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Troy Davis Execution Draws Broad Popular Protest

Manny Jalonschi Sep 21, 2011

The State of Georgia plans to execute Troy Davis at 7 p.m. this evening by lethal injection for a 1991 murder that his supporters say he did not commit. Davis was convicted of the 1989 murder of officer Mark MacPhail on the testimony of nine people, seven of whom would eventually recant. As his execution draws imminent, his family and supporters hope that a crest of popular support — and the overwhelming amount of reasonable doubt that now exists around the case — will find a way to generate a last minute reprieve.

This is the fourth time in four years that Troy Davis has faced execution. In 2007 the state parole board granted him a stay with only hours before the execution. In 2008 the Supreme Court stepped with just 90 minutes left. In 2010 Davis once more won a temporary stay of execution from the United States Court of Appeals for the 11th Circuit, this time a week before he was slated to be executed.Late Tuesday evening Davis’ attorney Stephen Marsh asked the pardons board to administer a polygraph lie detector test, hoping to illustrate an overwhelming amount of reasonable doubt. Wednesday morning, Brian Kammer, another attorney for the Davis family, announced he would be filing one more appeal at Butts County Superior Court to stay the execution.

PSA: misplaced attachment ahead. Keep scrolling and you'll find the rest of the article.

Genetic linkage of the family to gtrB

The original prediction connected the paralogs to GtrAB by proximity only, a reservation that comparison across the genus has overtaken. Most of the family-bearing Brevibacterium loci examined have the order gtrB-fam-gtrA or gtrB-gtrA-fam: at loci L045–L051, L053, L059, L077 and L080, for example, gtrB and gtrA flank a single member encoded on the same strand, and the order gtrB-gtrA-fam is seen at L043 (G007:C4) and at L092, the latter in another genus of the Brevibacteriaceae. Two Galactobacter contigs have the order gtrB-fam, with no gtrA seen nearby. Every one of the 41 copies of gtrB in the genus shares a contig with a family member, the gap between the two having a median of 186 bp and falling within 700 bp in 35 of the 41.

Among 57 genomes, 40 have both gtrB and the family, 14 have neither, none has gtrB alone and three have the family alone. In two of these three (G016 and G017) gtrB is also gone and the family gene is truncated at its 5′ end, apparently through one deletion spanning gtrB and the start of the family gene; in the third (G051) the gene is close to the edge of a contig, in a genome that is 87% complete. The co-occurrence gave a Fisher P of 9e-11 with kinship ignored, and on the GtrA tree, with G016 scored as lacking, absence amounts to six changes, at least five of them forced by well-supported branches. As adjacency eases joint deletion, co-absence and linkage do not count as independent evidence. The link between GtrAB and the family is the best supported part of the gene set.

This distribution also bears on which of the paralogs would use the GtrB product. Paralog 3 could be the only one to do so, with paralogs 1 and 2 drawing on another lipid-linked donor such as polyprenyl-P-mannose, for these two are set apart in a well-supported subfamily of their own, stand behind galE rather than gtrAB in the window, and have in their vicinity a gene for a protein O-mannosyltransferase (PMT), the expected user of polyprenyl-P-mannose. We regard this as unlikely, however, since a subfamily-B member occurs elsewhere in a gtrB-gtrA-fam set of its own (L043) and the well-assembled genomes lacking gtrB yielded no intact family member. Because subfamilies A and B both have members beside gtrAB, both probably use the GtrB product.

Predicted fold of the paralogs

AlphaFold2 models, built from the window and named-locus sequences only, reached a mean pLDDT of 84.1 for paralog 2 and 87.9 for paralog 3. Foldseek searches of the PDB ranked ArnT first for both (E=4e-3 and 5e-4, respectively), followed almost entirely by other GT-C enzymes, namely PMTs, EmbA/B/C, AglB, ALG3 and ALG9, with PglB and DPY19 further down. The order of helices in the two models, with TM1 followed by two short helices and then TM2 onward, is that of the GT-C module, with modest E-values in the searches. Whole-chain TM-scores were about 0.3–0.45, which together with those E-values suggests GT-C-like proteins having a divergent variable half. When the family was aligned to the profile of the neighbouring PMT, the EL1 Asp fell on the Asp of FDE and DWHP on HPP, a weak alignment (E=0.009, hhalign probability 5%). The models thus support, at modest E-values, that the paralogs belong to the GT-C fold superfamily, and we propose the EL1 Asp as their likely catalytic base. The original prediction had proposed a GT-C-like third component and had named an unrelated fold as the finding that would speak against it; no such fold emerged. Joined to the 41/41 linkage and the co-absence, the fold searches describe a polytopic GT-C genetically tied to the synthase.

The effort comes as wide-scale support for Davis has brought calls for a stay of execution from voices as varied as former president Jimmy Carter, Pope Benedict XVI and hip-hop magnate Russell Simmons. Their support comes on top of nearly one million signatures on a petition organized by Amnesty International. Today they are encouraging supporters to call the Savannah District Attorney’s office, 912-652-7308, asking them to rescind the death warrant. Tuesday evening, Georgia-based Savannah for Clemency for Troy Davis announced it would be delivering a petition with another 240,000 signatures to Savannah District Attorney Larry Chisolm at 9 a.m. this morning.

Supporters have also planned a series of vigils and rallies throughout the day, including a rally beginning at 4 p.m. outside the prison in Jackson, Georgia where Davis will be executed.Despite the wide public support Davis has attracted, the chances of a last-minute reprieve are increasingly slim.

As his scheduled execution approaches, it dominated conversation on social network services like Twitter and Facebook on Wednesday, despite the fact that Twitter apparently blocked the #TroyDavis and #TooMuchDoubt hash tags from becoming trending topics. Twitter did not reply to The Indypendent’s request for comment.

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